We aim to articulate the dialogue between culture and politics; interrogating the who, why, and how of picturing others.
- Who does, and who should picture others?
- Why are others pictured in the ways that they are?
- How do pictures of others inform social and political landscapes?
- How is the convergence of text and image in the post-analogue era shaping the perception of social networks and of their others?
- Where does the other fit in the realm of the selfie ego-portrait?
We use the word ‘picturing’ in the broadest sense. This theme therefore embraces visual narratives such as film, photography, comics and fine art as well as the representation of others in text such as drama, poetry, life-writing, fiction, etc.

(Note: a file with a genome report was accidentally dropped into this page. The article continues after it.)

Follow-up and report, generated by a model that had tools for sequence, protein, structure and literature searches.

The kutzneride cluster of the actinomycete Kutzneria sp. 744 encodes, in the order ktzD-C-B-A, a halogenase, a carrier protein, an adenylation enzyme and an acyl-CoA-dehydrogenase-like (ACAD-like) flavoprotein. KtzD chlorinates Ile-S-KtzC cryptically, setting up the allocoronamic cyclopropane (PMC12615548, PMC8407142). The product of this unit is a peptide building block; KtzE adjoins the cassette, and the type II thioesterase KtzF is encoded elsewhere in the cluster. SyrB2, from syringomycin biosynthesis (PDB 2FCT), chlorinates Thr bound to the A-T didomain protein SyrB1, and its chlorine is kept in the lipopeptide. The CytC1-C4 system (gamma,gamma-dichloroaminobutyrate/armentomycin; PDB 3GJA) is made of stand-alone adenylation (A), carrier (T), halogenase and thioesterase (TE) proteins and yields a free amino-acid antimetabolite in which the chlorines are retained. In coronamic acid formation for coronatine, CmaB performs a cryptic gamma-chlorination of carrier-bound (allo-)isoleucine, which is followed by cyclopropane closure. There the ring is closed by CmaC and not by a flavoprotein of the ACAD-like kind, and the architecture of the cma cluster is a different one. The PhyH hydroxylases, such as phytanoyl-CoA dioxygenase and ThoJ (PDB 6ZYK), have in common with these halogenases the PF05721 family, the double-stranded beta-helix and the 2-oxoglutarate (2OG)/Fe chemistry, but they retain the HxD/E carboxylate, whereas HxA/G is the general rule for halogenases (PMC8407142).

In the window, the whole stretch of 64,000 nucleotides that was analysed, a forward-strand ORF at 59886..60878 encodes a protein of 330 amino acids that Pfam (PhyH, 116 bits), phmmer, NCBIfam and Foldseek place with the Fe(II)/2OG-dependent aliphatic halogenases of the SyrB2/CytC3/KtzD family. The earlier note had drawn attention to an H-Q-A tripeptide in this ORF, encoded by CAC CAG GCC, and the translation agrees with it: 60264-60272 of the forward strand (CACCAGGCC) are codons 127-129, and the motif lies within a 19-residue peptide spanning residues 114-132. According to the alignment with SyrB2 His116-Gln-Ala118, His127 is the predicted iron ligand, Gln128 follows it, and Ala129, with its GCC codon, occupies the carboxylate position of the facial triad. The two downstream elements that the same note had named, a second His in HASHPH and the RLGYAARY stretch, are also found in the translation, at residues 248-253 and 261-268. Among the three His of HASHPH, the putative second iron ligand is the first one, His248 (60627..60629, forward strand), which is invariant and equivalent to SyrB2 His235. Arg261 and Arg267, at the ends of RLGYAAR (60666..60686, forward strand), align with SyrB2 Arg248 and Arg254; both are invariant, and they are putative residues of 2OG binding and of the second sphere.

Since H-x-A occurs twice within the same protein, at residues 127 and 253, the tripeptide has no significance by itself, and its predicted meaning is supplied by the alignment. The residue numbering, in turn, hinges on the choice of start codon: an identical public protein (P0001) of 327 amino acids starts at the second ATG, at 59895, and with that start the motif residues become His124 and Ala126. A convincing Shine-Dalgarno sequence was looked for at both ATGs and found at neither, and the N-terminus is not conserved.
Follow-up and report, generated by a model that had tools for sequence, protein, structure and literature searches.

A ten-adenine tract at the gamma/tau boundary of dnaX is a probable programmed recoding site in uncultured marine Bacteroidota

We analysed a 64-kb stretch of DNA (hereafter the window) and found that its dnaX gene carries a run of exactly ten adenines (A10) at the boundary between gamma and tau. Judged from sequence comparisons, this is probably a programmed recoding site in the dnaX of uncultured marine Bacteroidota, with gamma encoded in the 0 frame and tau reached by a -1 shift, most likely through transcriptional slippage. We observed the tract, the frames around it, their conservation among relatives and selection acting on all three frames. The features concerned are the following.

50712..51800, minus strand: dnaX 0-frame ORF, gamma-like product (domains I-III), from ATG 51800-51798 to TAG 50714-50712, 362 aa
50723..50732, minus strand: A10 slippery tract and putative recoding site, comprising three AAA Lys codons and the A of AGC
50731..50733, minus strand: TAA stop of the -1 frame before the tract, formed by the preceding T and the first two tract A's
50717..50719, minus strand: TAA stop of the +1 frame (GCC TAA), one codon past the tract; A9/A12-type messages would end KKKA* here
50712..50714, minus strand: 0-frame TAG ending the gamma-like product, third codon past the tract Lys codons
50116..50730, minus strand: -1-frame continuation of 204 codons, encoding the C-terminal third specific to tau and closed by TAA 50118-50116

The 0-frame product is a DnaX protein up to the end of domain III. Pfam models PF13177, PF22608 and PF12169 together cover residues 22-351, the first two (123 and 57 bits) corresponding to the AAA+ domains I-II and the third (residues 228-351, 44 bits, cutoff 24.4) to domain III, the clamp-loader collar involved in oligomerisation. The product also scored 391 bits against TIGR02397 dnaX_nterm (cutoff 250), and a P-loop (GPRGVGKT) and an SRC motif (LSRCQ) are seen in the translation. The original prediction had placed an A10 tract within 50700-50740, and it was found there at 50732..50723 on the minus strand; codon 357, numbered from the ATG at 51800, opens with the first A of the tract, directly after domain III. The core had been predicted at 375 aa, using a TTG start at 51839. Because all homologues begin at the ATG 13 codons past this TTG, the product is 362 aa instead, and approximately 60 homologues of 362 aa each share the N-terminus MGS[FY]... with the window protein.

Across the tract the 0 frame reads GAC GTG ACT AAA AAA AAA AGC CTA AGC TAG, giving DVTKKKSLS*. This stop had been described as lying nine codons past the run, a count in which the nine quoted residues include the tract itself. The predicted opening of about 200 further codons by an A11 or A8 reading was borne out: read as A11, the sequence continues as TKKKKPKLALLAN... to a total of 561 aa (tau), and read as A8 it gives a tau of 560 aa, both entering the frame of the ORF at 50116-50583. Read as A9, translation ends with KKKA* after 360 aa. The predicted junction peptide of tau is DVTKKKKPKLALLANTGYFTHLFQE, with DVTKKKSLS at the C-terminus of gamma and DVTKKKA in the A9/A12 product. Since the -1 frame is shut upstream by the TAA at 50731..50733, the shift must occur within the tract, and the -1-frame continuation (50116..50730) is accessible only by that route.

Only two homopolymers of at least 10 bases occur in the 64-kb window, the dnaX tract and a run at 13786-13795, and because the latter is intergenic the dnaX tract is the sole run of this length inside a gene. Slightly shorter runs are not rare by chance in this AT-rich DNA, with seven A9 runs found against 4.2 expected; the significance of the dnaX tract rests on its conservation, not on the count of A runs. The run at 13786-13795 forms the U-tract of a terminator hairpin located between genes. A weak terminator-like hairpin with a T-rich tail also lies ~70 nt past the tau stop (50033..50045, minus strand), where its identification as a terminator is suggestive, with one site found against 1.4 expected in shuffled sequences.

‘Picturing’ is intended to include the role played visual cultures, and their links to text, in mediating between others and in depicting them. ‘Others’ embraces the subjects of modern languages research as well as those who identify themselves as other to national, linguistic, and cultural contexts: migrants, ethnic and linguistic minorities, people with disabilities, religious minorities, and those marginalised by sexual or gender identity, for example.
- Contemplate the questions of how pictures of others inform social and political landscapes.
- Facilitate events to inform attendees’ views on the convergence of text and image in the post-analogue era and its impact on shaping the perception of social networks.
- Discuss issues regarding those who do picture others and their right to do so.
- Consider the role played by translation and translators in mediating between others and in picturing them.
- Examine feelings of otherness in national, linguistic, and cultural contexts: migrants, ethnic and linguistic minorities, people with disabilities, religious minorities, and those marginalised by sexual or gender identities, for example.